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Planning green light for replacement toll houses

11th September 2017

Categories: Latest News

The Clifton Suspension Bridge Trust is celebrating the news that planning and listed building consents have been granted by both Bristol City Council and North Somerset Council for the designs of the new toll houses on the Clifton and the Leigh Woods sides of the bridge.


The new buildings will replace the existing outdated 1950s toll booths on the Clifton side of the Bridge and the 1970s addition to the original toll houses on the Leigh Woods side. The original Victorian toll houses on the Leigh Woods approach will be retained and carefully refurbished.


Trish Johnson, Bridge Master said: “Brunel’s famous bridge is such a wonderful symbol of the city. For over 150 years this Grade I listed structure has attracted visitors from all over the world. Working up proposals for the replacement toll houses has been a considerable challenge. We are delighted to have secured planning approval from both authorities and look forward to moving ahead with the project next year.”
The planning and listed building consents represent the culmination of over 18 months of careful design work. This has involved input from bridge staff and the Trustees, as well as consultation feedback from local stakeholder groups and organisations, national heritage bodies including Historic England and the Victorian Society as well as neighbours and the wider public.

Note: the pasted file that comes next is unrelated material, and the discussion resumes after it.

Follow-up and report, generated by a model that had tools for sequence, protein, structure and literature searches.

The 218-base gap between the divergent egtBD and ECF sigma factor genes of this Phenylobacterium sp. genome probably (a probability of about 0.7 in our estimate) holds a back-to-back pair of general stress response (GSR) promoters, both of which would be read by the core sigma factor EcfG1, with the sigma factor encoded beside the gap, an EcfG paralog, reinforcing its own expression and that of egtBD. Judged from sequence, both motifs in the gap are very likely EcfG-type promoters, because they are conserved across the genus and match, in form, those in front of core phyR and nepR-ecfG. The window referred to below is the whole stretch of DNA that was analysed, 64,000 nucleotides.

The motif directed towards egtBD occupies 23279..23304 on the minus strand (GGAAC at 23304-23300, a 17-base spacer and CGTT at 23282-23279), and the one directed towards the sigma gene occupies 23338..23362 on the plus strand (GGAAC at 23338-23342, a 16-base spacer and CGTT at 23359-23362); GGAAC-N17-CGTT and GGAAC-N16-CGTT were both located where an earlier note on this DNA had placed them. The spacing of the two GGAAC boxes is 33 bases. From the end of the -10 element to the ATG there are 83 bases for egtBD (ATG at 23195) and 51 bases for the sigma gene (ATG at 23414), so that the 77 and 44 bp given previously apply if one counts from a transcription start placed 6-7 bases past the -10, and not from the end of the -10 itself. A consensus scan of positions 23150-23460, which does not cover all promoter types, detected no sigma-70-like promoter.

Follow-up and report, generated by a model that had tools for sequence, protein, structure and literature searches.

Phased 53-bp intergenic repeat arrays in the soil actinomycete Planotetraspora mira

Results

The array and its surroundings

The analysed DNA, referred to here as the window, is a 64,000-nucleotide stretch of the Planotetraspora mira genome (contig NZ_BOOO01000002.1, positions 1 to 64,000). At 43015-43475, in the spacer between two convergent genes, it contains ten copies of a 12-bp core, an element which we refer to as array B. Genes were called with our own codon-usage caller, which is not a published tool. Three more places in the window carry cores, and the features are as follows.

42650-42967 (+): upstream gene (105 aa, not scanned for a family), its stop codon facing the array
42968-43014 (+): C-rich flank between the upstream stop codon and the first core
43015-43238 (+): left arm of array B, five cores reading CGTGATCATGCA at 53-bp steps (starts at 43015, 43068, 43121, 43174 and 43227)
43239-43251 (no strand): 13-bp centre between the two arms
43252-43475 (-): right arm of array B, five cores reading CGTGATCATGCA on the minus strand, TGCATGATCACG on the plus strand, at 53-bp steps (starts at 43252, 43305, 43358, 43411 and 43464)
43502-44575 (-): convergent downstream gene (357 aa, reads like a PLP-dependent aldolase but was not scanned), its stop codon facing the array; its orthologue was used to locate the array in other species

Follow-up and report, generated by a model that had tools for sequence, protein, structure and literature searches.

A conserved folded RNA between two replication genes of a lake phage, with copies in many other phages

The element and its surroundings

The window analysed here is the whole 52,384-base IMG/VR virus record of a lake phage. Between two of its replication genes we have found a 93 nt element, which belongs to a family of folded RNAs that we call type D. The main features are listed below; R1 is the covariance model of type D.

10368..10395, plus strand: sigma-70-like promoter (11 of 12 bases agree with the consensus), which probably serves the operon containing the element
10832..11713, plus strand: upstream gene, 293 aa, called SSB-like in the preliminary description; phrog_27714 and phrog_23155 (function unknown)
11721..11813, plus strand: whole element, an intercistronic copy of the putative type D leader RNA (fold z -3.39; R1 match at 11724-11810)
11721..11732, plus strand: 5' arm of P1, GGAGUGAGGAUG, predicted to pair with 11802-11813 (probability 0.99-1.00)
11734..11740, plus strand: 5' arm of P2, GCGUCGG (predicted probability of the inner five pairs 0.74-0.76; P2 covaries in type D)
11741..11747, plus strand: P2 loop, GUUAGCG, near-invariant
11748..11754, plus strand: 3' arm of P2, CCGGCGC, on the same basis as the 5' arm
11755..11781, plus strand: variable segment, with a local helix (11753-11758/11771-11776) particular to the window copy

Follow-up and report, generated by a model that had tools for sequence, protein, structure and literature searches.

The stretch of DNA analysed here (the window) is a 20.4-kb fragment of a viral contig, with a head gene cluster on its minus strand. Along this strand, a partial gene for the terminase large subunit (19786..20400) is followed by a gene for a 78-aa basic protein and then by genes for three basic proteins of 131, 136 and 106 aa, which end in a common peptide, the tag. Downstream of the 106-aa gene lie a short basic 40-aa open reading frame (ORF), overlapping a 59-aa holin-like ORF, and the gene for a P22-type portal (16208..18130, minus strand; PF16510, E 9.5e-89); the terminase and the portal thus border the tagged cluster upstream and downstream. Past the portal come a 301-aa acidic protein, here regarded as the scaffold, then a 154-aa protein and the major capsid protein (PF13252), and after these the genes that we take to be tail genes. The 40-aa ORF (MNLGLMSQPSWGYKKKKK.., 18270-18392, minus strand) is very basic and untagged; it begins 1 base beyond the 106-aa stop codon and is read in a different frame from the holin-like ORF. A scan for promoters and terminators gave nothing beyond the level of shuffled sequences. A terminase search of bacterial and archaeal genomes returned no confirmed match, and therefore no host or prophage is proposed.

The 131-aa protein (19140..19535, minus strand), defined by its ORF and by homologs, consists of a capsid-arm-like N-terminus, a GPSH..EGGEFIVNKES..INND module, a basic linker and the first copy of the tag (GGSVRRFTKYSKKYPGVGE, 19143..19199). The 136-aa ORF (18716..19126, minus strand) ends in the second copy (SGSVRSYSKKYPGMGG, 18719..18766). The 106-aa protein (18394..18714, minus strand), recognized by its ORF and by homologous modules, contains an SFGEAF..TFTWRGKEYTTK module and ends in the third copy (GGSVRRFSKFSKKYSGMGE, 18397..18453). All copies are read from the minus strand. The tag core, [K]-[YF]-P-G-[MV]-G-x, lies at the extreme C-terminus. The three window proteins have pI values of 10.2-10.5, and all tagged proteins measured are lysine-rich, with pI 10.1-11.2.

The resulting simple, functional and contemporary design of the new toll houses is intentionally understated and subservient to Brunel’s iconic Grade1 listed bridge. The architectural treatment of the new buildings responds to the material quality and strong symmetry of the bridge towers using stone and raking facades which reflect the rubble finish and angle of the existing bridge towers and enhance the views of the bridge. The palette of materials combines a rough-hewn pennant sandstone, from the Forest of Dean, with zinc for the roofs and fascia and contrasting dark metal reveals and panels lining the window openings.


Internally the toll houses have been carefully planned with input from the bridge staff to provide a compact, modern working environment with the necessary spaces, amenities and facilities to enable them to operate effectively 24/7 and 365 days of the year.

The Trustees will now begin the process of working closely with architects and engineers to finalise details of the construction and also selection of a contractor with a view to starting on site during 2018.


The construction work will be phased to minimise disruption as much as possible and it is intended that pedestrians, cyclists and vehicles will continue to be able to cross the bridge.

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